There are so many craft books out there aren’t there? But buying one isn’t so easy these days. If you’re looking for one type of craft in particular, book shops have a limited selection and it is difficult to view the contents online, most sellers will only show a couple of pages. These are just a few HAND EMBROIDERY books that I have on my shelf which I would recommend if you’re just starting out or need a bit of inspiration.
A-Z of Embroidery Stitches by Search Press
This a a truly comprehensive , easy to read, dictionary of stitches. It has detailed instructions for 141 stitches so covers all the basic, and more advanced embroidery stitches that you are likely to use. It also touches on ribbon embroidery with a few examples. All instructions show many stages of each stitch with beautiful stage by stage photographs. There are sections on the basics- which background material and needles are best to use, how to transfer a design, and how to use a hoop correctly. Thread painting is also shown with easy to follow guidance. There is also an A-Z of Embroidery Stitches 2.
If you are left handed and are struggling to find a book that explains embroidery stitches which you can easily follow, Yvette Stanton’s book is called The Left Handed Embroiderer’s companion- I have not seen this myself but have had ladies on my workshops who have recommended it.
Garden Stitch Life by Kazuko Aoki
This is an utterly delightful book and a joy to read. As the title suggests, it contains motifs and projects all garden related, so flowers, mushrooms, insects and birds. Her style is very modern and simple, stunningly stitched and beautifully photographed. Each project has a template and includes a seed packet, note book cover, stitched samplers, a tea cosy and many pictures. with templates at the back of the book. In the first half of the book, Kazuko shares her inspiration with photos of her beautiful garden and atelier, then the second half gives stage by stage instructions of how to make the projects. Its a personable little book, which goes beyond a regular embroidery book. This isn’t just a “what you need to know about embroidery” kind of book, it gives a personal insight into the author’s life in Japan and you almost feel like to get to know a little bit about her. You feel like to really do get an insight into how she works. Such a pretty book to dip in and out of.
Embroidery Country Garden by Lorna Bateman- Search Press
So Search press have done it again- published this much awaited for publication of Lorna’s fabulous work. This is a great “go to” for all level of embroiderers. Lorna has devised many stitched projects such as- scissor case, needle case, pin cushion, magnifier cover, a sewing bag and a thread catcher to name a few. Absolutely beautiful photographs and easy to follow stage by stage instructions with sensibly sized boxed photographs on each page. It starts off with the tools, materials and preparation as most embroidery books do, but in a lot of detail with some valuable advice from the much experienced stitcher. Then there is an A-Z of stitches, followed by an A-Z of embroidered flowers, I loved this section, particularly the sweet sketches alongside each embroidered flower. After the detailed projects are the templates and additional pull out patterns.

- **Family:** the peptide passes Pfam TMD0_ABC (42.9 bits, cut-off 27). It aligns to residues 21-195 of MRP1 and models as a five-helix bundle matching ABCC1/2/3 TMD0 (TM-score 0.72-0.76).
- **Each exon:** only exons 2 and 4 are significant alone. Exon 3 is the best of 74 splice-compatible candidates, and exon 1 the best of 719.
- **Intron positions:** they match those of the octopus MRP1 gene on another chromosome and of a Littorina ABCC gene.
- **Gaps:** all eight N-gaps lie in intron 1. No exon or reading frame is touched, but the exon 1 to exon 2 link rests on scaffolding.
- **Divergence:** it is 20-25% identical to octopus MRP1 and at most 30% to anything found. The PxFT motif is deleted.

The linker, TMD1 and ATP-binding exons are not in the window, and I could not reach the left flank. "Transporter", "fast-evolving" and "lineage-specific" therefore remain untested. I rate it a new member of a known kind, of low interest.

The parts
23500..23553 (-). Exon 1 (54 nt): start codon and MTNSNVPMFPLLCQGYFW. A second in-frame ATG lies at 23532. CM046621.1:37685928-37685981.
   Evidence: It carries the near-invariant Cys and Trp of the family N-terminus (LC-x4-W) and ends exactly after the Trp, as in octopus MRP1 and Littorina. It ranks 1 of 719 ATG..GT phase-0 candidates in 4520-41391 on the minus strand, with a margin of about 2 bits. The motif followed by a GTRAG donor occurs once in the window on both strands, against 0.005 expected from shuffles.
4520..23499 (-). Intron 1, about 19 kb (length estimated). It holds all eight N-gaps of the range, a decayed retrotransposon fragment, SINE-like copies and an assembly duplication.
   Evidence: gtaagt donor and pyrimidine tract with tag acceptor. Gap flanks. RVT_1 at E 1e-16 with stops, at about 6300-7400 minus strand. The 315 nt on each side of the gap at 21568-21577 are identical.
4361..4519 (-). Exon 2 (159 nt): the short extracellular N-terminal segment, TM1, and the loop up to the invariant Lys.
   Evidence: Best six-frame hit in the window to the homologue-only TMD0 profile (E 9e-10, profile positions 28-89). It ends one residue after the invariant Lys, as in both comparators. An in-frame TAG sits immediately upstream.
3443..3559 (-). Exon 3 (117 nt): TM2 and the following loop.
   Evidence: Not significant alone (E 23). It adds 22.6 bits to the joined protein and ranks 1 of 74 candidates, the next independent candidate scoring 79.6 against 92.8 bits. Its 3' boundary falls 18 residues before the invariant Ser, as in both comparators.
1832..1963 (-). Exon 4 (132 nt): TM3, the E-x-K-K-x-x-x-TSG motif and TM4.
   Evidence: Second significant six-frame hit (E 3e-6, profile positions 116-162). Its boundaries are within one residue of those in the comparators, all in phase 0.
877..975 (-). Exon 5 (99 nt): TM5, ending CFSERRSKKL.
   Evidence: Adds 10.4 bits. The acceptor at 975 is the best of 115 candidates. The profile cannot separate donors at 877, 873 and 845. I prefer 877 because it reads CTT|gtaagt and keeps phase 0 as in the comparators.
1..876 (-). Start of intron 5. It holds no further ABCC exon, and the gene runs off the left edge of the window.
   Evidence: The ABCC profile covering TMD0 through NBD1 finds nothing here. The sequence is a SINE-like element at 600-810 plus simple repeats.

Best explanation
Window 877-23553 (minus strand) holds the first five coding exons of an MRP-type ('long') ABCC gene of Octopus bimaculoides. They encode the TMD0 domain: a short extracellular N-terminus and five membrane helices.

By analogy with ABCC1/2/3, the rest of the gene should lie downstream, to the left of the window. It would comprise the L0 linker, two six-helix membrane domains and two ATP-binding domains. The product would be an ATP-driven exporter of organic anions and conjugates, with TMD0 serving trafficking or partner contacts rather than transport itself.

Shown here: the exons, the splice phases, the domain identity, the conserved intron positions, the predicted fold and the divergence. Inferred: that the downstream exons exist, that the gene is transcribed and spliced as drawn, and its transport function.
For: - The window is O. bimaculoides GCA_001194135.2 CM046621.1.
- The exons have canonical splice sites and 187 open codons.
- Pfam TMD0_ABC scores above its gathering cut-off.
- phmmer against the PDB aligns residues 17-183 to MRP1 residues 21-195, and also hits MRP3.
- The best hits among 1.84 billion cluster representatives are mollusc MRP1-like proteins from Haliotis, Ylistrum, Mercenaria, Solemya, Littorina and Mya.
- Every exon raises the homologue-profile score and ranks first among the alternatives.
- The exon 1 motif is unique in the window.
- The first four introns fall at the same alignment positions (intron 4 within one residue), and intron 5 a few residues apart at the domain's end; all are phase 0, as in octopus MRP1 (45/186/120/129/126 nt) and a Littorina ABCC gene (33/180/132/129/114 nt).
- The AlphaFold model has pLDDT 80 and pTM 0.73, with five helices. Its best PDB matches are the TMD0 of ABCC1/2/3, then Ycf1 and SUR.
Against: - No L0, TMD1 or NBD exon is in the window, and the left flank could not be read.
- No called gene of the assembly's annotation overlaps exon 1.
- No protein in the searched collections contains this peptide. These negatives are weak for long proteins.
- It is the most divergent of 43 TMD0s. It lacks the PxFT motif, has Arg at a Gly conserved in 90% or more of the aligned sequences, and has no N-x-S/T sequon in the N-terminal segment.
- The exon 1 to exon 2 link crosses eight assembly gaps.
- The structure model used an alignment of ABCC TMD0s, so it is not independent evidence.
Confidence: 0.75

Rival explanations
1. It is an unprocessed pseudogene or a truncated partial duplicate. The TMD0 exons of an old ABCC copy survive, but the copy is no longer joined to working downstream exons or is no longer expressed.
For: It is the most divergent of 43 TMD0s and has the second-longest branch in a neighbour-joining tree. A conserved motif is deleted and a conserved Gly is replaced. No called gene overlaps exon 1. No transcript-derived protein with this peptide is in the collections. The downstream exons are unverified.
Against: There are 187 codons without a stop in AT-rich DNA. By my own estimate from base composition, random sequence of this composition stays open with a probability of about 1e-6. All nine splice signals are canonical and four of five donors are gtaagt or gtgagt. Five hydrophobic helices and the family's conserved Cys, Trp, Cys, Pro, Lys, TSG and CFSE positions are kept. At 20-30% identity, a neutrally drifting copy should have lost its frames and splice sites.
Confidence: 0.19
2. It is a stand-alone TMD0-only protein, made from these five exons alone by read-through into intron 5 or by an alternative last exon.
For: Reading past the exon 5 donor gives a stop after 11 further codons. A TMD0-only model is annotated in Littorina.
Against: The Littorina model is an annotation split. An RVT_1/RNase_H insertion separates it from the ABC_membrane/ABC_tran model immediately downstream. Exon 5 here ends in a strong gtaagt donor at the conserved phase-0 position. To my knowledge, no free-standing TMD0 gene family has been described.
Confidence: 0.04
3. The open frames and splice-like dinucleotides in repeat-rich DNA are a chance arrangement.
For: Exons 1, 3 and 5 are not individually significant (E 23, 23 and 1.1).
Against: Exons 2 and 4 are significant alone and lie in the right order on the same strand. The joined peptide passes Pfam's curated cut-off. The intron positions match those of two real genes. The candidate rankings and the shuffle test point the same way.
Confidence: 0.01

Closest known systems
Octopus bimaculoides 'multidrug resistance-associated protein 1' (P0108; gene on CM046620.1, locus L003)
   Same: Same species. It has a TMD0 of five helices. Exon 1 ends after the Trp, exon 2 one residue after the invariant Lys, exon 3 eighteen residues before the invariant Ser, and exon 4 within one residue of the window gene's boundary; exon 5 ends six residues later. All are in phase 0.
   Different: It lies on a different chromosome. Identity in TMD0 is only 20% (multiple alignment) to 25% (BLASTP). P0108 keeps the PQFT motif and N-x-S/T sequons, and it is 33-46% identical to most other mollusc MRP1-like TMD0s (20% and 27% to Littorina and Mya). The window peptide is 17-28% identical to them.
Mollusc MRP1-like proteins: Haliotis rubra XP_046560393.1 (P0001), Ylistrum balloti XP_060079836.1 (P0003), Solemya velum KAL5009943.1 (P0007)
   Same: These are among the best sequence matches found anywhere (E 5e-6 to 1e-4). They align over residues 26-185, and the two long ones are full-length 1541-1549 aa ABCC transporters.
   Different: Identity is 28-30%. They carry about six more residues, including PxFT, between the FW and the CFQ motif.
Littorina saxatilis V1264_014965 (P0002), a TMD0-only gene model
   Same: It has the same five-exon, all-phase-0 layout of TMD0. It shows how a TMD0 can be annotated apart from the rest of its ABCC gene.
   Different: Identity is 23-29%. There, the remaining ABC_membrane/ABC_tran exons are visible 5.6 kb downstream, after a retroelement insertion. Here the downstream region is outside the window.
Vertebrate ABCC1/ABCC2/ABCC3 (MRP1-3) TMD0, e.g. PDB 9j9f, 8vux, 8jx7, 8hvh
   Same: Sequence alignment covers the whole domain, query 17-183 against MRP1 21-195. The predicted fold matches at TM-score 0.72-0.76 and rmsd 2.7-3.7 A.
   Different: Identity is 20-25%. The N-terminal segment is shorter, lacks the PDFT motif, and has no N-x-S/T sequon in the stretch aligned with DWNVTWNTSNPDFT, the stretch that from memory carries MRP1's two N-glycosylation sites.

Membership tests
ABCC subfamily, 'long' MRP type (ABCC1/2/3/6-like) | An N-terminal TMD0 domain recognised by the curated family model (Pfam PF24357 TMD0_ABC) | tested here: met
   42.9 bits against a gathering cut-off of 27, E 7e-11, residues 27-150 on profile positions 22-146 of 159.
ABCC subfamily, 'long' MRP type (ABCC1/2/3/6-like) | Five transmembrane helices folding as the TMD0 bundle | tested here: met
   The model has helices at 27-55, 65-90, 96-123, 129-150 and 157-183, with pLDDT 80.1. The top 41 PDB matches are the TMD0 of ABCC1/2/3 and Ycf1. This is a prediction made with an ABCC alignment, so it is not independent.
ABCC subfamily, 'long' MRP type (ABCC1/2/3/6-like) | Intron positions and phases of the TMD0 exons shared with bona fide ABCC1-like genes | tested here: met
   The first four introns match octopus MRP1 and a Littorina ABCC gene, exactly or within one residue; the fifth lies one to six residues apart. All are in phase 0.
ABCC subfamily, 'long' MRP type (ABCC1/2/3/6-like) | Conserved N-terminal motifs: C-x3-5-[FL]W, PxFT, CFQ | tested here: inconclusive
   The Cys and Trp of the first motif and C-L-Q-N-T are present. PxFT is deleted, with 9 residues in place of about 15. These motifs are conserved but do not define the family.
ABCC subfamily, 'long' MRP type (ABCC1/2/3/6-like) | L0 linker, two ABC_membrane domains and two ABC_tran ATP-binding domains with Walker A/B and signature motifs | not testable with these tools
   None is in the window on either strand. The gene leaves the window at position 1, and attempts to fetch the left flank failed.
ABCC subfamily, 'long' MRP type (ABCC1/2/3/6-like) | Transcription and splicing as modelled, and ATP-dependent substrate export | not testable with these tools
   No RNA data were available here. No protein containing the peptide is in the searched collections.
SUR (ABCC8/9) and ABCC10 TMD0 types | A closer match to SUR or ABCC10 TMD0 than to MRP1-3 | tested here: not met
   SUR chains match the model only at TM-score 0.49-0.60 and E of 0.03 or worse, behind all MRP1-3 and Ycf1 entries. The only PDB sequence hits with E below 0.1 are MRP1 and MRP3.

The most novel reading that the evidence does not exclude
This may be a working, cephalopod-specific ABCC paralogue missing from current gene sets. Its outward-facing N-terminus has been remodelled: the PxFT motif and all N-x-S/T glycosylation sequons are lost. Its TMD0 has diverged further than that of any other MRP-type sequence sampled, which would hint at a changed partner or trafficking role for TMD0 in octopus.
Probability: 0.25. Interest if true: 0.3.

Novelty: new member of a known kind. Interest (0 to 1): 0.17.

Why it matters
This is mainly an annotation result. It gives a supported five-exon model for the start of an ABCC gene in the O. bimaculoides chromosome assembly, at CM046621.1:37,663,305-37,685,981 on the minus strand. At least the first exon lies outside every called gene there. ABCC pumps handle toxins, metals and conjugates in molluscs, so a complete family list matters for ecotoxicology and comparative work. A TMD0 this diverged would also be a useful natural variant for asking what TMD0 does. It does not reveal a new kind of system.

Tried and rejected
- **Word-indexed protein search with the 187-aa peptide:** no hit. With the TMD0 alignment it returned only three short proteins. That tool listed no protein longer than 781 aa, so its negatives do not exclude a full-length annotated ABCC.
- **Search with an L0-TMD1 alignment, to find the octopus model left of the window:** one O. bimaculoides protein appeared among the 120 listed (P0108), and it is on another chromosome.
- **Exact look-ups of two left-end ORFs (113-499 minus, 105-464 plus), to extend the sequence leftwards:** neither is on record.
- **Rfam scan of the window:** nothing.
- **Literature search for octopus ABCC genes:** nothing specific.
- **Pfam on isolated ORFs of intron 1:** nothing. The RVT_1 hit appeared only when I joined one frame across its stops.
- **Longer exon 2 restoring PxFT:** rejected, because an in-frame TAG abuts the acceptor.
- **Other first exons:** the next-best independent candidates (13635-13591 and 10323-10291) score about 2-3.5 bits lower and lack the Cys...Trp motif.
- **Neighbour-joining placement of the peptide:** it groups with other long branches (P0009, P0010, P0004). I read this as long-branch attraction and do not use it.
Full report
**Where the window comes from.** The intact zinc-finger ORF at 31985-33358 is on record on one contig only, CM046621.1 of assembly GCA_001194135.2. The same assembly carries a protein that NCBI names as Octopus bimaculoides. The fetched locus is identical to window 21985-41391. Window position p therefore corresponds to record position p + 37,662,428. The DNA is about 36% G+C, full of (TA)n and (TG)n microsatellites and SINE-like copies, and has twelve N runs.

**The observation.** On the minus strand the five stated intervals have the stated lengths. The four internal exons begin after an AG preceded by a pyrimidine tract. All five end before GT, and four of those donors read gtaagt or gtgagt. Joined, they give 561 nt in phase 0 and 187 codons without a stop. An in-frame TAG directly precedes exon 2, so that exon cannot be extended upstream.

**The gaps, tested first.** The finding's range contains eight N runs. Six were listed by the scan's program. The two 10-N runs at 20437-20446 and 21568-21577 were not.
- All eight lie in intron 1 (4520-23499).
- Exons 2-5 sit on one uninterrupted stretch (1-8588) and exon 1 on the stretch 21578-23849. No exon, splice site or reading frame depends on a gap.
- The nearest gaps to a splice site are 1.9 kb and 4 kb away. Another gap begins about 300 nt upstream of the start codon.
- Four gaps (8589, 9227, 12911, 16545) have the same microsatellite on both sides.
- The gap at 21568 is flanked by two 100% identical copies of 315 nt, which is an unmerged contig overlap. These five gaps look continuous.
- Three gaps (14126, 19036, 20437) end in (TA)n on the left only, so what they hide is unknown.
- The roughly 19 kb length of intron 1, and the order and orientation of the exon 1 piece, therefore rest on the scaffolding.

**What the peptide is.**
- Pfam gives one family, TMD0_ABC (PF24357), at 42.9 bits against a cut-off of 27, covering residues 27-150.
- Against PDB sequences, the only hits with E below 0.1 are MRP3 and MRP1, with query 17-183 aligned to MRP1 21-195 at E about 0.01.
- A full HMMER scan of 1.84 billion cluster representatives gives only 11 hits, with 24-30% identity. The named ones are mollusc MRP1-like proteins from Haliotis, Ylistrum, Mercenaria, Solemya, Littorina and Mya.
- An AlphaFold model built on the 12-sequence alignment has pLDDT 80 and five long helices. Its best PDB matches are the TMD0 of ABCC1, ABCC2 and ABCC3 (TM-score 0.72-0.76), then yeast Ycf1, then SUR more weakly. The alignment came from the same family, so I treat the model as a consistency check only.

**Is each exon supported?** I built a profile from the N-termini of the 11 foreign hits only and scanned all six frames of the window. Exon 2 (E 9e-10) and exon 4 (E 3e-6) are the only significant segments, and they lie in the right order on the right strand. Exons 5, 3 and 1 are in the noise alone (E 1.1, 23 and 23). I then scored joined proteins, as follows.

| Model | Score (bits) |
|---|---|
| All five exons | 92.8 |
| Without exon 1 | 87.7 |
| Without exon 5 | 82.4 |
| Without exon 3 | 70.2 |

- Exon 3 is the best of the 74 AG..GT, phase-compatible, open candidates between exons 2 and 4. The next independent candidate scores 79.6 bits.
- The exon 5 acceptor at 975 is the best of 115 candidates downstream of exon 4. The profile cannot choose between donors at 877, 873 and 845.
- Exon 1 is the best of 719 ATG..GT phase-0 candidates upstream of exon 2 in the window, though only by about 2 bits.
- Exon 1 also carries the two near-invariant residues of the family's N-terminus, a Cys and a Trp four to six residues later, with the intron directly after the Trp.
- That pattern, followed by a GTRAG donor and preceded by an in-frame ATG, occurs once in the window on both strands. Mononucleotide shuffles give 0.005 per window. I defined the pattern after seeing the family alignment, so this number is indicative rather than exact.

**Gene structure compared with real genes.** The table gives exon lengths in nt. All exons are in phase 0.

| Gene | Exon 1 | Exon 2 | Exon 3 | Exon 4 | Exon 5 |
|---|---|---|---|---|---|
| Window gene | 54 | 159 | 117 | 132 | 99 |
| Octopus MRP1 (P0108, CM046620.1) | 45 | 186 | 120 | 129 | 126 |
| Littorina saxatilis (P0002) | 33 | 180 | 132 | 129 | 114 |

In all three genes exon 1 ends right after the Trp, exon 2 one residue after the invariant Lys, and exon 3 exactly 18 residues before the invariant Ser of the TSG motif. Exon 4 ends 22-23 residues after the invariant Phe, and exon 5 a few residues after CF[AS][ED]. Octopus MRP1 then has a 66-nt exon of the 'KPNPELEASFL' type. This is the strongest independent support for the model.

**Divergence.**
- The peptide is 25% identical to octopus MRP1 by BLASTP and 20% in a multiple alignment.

I would have no hesitation in recommending this book, and although I consider myself a fairly experienced stitcher, I learned several little tips from Lorna. We stitchers are generally a generous breed when it comes to sharing our experience, but this author was particularly generous with her knowledge.
Textile Collage by Mandy Pattullo
This is a wonderful book for anyone who is seeking a more creative approach to their stitching. Mandy talks about the choice of materials that she chooses to work with- often an old and worn quilt. she takes them apart and incorporates pieces into her pieces. she delights in mixing things up, arranging and rearranging pieces of fabric, a technique which she calls fabric collage. There are no templates, so all her pieces grow organically and become “evocative compositions”. she uses lace but not in the traditional, pretty way, more to add torn parts of it to add texture and interest to a piece. parts of blankets, traditional embroidery and cross stitch are also embedded in her work.
Further into the book, Mandy Pattullo looks at how she starts to build up a design, discussing materials, colour, composition, mark making and stitch in her abstract work. She describes how she uses finger turned applique ,then goes onto describing how she creates portraits and animal pictures. You really get an insight into how she works as a true artist. the last part of the book explores how you can embellish a piece of clothing to really make it unique and your own, domestic embroidery.
If you are feeling stuck in your own techniques or ideas, this book will definitely get your creative juices flowing. It is absolutely full of innovative techniques which you too could use in your own work, using your own style. A joy of a book. Its not a book to read from page to page, rather to pick up and flick, your own ideas will jump out at you, total inspiration. One thing Mandy says on the very last page, is to put away other peoples books, images, and pages when creating your own. Find the joy in the fabrics you have chosen to work with and find your own emotional response. We are often too influenced by others and what we think we are expected to create. It is so much more rewarding to start from scratch and let the textures, fabrics and colours speak to you.
These are just a few fab books out there, do let me know if you would recommend others, its always good to share……
See you soon,